Hydrogen from water: Energy Generation Materials
The search for suitable semiconductors as photocatalysts for the splitting of water into hydrogen gas using solar energy is one of the noblest missions that face material scientists today. With the continual depletion of the world's energy resources, scientists are charged with finding alternative sources to continue the fuelling of our economy. The cold fusion debacle inititated the general publics interest in the ideal of generating energy from common elements around us. Since then research has continued with some notable results. The production of hydrogen from water using a catalyst and solar energy is an ideal future energy source, independent of our precious fossil reserves.
From a feasibility and economical perspective when relying solely on water and solar energy, catalysts that are sufficiently stable, inexpensive and capable of generating light are required. A group of research scientists in Germany, China and Japan, [Wang et al., nmat. 2008 DOI: 10.1038/NMAT2317] has shown that a commercially viable, polymeric carbon nitride, can produce hydrogen from water under visible-light irradiation in the presence of what is known as a sacrificial donor. Unlike other conducting polymer semiconductors, carbon nitride is chemically and thermally stable and does not rely on complicated manufacturing methods. The results mark an important first step towards photosynthetic pathways where artificial conjugated polymer semiconductors can be used as energy transducers.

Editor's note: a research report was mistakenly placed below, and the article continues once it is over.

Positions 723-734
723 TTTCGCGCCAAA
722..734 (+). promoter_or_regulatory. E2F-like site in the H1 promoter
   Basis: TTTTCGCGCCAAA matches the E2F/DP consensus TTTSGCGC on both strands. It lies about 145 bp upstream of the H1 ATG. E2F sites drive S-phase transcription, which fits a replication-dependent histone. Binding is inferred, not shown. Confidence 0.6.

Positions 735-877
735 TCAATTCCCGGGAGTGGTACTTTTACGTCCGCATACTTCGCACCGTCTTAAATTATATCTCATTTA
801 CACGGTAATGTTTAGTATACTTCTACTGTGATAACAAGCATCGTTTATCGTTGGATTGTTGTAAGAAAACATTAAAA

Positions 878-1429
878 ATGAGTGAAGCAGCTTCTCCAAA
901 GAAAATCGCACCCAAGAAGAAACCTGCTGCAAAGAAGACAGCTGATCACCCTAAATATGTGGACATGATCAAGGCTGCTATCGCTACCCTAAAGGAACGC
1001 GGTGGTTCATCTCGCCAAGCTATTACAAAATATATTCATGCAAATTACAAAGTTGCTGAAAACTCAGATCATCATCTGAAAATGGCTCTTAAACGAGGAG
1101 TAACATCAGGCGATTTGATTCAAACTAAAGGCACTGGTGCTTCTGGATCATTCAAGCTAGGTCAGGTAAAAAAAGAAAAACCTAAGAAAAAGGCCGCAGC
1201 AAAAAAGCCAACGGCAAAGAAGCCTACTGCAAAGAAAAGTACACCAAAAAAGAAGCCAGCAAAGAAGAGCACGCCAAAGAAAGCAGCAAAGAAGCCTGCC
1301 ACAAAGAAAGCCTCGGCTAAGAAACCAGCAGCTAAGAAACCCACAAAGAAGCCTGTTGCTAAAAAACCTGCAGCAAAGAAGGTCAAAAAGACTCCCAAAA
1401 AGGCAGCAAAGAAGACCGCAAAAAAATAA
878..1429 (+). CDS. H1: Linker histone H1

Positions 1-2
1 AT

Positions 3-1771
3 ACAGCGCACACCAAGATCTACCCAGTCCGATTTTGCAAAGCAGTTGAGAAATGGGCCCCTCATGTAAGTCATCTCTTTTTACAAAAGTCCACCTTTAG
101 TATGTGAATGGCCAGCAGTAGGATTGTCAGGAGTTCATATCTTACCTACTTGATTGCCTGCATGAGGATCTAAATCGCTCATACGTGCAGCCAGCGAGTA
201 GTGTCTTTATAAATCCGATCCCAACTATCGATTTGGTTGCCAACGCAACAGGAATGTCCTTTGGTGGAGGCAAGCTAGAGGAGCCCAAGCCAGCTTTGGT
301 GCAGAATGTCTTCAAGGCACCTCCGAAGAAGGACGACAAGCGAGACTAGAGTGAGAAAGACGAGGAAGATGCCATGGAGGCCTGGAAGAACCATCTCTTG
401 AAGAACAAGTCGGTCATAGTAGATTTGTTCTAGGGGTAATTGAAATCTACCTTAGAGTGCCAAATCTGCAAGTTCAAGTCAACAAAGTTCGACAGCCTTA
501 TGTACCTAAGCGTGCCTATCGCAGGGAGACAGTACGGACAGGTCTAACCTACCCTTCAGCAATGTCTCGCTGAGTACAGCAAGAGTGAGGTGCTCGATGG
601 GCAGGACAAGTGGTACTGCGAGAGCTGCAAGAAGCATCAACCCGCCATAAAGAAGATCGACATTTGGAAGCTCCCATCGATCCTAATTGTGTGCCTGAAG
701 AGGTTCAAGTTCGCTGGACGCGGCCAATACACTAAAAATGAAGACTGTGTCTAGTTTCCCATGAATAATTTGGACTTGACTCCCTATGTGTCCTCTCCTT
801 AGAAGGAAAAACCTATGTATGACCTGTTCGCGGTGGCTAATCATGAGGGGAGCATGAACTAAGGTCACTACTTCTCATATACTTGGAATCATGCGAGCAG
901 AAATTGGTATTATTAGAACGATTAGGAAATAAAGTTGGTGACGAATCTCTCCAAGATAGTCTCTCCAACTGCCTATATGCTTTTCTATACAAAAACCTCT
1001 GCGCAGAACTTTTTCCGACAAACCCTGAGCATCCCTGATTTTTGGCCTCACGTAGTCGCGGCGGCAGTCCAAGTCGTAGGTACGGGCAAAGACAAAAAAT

An optimal material would combine an ability to dissociate the water molecules, having a bandgap that absorbs light in the visible range and to remain stable in contact with water
The team showed that another simple polymer-like semiconductor, made of only carbon and nitrogen, can function as a metal-free photo-catalyst for the extraction of hydrogen from water.
The photocatalysis experiments were carried out with C3N4 powder to ensure sufficient surface area. The C3N4 achieved steady H2 production from water containing triethanolamine as a sacrificial electron donor on light illumination. Even in the absence of noble metal catalysts such as Pt. These results indicate that C3N4 functions as a stable metal free photocatalyst for visible light driven H2 production.
The H2 production rate increases with increasing Pt content to a plateau at around 2–4%, beyond which it decreases again.
In summary the researchers have shown polymeric carbon nitride as a commonly available and simple photocatalyst that is able to generate hydrogen from water even in the absence of noble metals.
Work is continuing within each of the research institutions to improve upon the H2 production mechanism.